Anyway, we had a wonderful time in Newark, NJ, and I’m loving the leaves of red and gold. Thanks for a great visit, and for the reminder of how much I love this change of seasons.
I was just remarking to Patrick about the fact that I really don’t have a working geography in my head of the Carolinas and nearby Atlantic coast. As a matter of fact, I really have a shabby understanding of the New York and Jersey Atlantic coast, where I happen to visit and play rather frequently. But visits to the Carolina part of the Atlantic coast are really rare.
So anyway, we froze our butts off on this cold Carolina coast, in NOVEMBER. I hope you can tell, I’m laughing and smiling here in delight. But I’m serious about the cold. The golf resort is right on the coast… I mean 50 yards out of the side door and you’re walking on the sandy beach. And so, quite naturally, when it’s not hot summertime, there’s gonna be cool and gusty coastal weather.
But- Earl Klugh’s weekends of jazz are always warm and cozy and happy wherever they are. And so it was down here at the Kiawah Resort, with grits in the morning. Earl and Denise always do something special with their jazz weekend that involves an opportunity for jazz guests and artists to meet and say hello, for cocktails or lunch, always optional. See—Always warm and cozy! For instance, this time, we had a wonderful afternoon Question & Answer session with Earl, and Burt Bacharach, and Jay from Spiro Gyra, and local DJ/Journalist Richard Todd. That was fun. I’ve done lots of these Q&A afternoons, but it’s always with press, not guests/audience people. It’s a lot less clinical like this. It was obvious how touched and moved and warmed by the presence of Burt Bacharach everyone was. Humble and sweet and generous is what you get from Burt Bacharach.
8:45pm saw me and my band in full swing on the resort’s big open lawn, with 1200 people in white folding chairs under mushroom heaters in rapt attention after Spiro Gyra left the stage appropriately hot for me and my guys. This audience was great, and even though they shivered and blew on their cupped hands to stay warm, they gave off a wonderful heat and warmth of their own, and we had a great time. There were two ladies down front and left of me who jammed so hard all night, and repeatedly high-fived each other at special moments during songs and after songs. They stayed all night.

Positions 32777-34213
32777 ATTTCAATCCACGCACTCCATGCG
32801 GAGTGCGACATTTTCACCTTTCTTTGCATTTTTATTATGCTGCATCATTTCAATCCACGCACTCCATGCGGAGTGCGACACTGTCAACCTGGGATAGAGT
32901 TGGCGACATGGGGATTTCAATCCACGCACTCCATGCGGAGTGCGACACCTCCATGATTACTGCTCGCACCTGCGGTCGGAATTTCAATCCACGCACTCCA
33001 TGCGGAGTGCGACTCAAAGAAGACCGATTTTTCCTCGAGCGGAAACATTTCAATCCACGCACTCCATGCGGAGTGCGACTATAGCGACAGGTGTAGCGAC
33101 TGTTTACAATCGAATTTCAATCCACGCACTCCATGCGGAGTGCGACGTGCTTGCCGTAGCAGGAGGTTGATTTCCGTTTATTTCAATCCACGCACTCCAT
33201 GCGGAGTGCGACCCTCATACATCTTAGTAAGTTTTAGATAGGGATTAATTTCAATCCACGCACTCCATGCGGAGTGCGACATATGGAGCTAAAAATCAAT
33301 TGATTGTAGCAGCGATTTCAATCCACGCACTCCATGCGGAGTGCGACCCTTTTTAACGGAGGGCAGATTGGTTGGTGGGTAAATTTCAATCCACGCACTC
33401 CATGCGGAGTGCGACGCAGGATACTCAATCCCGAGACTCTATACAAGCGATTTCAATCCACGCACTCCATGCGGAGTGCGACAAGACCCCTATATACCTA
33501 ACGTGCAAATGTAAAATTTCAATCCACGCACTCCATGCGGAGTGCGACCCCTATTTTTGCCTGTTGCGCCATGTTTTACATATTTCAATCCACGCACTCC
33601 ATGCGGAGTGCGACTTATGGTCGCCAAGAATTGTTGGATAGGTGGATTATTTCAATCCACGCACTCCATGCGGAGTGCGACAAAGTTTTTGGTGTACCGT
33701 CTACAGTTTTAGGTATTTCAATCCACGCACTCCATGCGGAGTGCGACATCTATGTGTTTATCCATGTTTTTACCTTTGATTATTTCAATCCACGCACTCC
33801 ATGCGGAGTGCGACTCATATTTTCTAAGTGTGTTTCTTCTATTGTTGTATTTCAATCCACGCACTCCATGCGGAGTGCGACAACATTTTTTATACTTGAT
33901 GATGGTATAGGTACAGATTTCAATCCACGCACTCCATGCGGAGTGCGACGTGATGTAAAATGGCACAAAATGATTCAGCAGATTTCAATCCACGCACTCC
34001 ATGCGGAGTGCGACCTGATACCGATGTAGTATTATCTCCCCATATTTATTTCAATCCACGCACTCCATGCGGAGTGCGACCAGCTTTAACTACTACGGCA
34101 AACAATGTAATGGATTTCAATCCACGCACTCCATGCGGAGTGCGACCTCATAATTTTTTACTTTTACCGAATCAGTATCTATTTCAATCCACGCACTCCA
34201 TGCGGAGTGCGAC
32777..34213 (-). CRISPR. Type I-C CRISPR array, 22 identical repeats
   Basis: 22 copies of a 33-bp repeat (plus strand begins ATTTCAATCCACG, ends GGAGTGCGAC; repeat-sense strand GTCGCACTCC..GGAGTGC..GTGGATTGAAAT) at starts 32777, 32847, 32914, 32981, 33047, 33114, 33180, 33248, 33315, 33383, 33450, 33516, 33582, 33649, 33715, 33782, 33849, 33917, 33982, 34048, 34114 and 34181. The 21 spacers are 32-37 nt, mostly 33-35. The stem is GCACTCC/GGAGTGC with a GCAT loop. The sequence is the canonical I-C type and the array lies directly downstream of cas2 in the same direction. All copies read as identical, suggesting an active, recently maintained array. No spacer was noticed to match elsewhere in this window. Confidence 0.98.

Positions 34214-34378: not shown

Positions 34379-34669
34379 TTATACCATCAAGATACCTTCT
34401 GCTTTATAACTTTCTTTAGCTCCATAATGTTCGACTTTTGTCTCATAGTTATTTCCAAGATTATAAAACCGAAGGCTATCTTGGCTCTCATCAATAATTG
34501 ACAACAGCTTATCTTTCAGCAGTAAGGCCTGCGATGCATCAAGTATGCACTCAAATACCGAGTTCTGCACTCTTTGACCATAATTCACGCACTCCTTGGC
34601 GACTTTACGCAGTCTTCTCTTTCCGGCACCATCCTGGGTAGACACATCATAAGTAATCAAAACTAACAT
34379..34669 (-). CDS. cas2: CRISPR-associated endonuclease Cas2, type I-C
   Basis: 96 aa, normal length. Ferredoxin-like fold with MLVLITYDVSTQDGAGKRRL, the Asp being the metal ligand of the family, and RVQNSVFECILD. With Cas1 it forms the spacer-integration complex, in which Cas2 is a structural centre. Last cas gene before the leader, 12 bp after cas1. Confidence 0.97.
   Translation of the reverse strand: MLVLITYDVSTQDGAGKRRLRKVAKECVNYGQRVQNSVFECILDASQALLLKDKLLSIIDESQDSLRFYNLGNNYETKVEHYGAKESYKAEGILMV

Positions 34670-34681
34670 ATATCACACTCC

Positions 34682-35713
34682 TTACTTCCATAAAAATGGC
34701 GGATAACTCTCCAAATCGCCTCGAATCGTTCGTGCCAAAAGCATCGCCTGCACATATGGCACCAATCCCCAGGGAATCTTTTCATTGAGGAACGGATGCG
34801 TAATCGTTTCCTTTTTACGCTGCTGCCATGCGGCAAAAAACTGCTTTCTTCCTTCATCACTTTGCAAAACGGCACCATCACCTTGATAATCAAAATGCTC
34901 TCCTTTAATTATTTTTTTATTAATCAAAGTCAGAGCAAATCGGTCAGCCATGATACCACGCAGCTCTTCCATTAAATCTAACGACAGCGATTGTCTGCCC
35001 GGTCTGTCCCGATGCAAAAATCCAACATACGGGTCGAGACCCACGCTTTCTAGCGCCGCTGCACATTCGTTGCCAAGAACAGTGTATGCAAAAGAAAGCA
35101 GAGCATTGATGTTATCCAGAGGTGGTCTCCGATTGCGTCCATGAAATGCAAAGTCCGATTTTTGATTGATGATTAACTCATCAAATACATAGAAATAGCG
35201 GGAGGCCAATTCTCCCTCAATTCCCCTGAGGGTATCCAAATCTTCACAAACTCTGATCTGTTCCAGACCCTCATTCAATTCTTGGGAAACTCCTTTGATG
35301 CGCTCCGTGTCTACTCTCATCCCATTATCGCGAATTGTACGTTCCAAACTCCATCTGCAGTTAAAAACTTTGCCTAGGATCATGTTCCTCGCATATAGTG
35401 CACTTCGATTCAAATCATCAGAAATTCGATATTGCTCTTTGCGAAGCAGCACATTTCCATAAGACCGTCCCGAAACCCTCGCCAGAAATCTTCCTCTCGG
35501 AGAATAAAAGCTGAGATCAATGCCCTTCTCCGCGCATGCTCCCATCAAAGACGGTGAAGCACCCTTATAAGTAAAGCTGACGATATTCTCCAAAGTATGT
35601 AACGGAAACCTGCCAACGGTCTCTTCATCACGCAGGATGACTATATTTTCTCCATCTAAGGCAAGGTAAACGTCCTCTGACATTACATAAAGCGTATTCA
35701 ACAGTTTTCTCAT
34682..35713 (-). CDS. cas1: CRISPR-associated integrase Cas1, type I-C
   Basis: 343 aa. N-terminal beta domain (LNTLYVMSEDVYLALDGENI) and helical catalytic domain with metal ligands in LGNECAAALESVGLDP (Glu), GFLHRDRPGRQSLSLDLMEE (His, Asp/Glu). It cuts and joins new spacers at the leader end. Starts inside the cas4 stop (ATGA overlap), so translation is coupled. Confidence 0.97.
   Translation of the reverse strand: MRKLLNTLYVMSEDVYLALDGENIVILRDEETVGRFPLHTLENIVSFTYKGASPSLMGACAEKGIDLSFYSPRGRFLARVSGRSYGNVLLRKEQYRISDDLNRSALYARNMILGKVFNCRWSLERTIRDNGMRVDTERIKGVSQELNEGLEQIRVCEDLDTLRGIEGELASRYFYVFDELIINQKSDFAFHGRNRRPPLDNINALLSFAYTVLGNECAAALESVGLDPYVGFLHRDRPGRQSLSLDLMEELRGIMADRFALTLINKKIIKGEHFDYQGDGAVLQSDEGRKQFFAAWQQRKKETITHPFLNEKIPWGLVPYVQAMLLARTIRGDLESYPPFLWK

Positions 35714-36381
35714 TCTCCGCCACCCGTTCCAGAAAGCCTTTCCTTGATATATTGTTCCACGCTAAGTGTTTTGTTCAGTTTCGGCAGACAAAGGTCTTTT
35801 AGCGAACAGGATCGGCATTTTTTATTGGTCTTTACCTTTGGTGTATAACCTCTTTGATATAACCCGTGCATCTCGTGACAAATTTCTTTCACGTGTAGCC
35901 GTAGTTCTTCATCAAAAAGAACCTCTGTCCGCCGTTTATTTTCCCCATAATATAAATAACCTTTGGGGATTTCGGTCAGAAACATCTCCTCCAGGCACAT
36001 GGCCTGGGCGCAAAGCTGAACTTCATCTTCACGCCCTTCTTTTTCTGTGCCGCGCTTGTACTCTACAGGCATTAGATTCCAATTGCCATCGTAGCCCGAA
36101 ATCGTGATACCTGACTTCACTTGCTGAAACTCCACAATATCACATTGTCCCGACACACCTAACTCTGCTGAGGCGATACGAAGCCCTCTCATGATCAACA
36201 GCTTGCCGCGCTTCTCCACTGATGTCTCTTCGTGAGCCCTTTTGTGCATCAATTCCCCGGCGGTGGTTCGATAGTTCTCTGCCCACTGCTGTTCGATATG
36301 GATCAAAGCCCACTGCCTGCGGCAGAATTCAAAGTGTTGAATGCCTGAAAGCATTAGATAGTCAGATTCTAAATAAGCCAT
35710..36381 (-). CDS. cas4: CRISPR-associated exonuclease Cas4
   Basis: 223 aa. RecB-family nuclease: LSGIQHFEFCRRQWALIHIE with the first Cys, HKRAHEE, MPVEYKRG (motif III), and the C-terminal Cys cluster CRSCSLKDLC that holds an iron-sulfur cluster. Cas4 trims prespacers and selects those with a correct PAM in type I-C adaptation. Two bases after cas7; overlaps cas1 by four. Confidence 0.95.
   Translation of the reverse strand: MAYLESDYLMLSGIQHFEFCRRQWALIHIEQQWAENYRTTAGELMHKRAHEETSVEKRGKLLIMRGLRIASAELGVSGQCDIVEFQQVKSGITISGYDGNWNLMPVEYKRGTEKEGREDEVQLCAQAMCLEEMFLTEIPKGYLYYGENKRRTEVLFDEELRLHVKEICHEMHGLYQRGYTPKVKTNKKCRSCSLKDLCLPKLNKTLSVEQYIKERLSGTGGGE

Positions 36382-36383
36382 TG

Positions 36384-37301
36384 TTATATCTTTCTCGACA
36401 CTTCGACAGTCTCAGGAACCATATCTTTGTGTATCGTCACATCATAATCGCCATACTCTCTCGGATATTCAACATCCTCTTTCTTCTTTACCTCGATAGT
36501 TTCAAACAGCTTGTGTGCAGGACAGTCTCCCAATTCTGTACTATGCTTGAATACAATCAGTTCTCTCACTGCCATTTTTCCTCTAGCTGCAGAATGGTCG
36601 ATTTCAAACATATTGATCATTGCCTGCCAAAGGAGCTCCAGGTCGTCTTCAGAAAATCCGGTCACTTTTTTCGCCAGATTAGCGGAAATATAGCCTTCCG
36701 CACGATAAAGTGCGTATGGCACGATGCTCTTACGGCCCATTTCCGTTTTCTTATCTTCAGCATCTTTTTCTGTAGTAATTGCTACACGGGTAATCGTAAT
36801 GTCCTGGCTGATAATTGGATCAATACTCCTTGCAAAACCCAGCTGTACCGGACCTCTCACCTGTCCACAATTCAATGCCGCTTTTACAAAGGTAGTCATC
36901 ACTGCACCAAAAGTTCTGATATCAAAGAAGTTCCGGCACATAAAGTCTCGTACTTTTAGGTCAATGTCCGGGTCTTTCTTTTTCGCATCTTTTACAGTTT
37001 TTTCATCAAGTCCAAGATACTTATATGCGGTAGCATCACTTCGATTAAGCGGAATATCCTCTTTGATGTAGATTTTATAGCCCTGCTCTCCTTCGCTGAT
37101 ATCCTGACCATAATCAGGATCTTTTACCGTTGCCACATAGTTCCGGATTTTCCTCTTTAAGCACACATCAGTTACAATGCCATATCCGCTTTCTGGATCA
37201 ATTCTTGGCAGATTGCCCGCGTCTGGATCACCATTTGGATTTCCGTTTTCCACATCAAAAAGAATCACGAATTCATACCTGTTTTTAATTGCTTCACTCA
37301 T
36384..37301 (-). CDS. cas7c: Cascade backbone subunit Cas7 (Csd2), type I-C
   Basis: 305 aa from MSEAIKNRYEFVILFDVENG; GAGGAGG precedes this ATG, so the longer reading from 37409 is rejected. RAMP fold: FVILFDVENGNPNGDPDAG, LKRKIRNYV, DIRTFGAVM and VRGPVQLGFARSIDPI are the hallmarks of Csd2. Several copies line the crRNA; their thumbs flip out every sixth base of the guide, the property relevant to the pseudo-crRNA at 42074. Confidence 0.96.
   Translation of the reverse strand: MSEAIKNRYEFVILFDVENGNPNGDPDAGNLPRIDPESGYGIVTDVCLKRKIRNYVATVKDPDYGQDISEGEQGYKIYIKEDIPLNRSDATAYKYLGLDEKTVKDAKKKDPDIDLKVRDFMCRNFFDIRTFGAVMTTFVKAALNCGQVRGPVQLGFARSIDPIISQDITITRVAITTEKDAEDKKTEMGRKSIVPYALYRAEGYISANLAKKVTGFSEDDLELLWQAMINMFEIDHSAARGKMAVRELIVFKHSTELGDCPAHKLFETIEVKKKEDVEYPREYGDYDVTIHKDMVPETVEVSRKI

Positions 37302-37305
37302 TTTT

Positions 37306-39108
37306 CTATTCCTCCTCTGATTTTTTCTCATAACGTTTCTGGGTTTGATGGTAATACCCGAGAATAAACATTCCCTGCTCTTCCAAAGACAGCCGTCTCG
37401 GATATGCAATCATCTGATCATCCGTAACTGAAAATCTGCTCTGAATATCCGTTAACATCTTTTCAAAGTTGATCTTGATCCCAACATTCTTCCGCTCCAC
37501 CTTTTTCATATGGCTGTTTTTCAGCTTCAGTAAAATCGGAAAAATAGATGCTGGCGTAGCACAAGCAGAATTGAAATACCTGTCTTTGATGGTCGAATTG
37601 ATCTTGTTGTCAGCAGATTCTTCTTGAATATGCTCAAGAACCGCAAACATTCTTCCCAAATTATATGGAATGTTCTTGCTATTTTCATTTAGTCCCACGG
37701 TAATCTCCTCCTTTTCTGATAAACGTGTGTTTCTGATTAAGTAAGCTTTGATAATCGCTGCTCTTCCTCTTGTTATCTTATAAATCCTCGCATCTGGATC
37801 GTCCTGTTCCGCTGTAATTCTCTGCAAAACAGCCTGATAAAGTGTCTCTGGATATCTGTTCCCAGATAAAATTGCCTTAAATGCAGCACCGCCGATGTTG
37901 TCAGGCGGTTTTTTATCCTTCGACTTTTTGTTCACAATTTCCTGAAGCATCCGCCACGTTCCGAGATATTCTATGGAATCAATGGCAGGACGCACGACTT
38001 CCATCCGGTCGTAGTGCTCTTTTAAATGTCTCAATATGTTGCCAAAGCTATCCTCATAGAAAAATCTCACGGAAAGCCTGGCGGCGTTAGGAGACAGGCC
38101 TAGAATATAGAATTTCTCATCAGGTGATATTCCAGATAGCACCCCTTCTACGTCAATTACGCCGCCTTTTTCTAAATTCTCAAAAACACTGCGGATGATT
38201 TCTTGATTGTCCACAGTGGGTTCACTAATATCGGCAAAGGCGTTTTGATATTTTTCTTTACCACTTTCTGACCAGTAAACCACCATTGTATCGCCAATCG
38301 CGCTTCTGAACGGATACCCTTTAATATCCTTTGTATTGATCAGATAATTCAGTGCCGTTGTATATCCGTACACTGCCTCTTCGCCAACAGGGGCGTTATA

There was wonderful applause and cheering when Earl suddenly joined me in the middle of the set to do “This Time.” It’s almost difficult for me to grasp how old this piece of music actually is. I heard it pre-1980. It became the title song for the 1980 release of my own. It’s a little wacky that I’ve always considered Earl to be one of the ‘baby-child geniuses’ in our shared genre. In any case, it’s a staple in my repertoire, and often it’s pointed out and pointed to by others as a big favorite and high point of excellence.
Earl and the band must have been oh-so-thankful for those little hot pocket hand-warmers that they had stuffed in their pockets to keep their fingers warm. We did finally prevail over and above the chill in the air, but I can tell you, it was breathing down our collars. And the audience’s standing ovation at the end surely involved some attempt to move around and stay warm… We did come back for more, and there were smiles and happiness all around. And off they all went to an after-hours party in the hotel lobby bar that was extraordinary. Normally, people are getting in their cars and heading off to home in all directions. Home, on this night, was just moments away on foot. Party over here!!
See you in Newark with Christian McBride and the Big Band!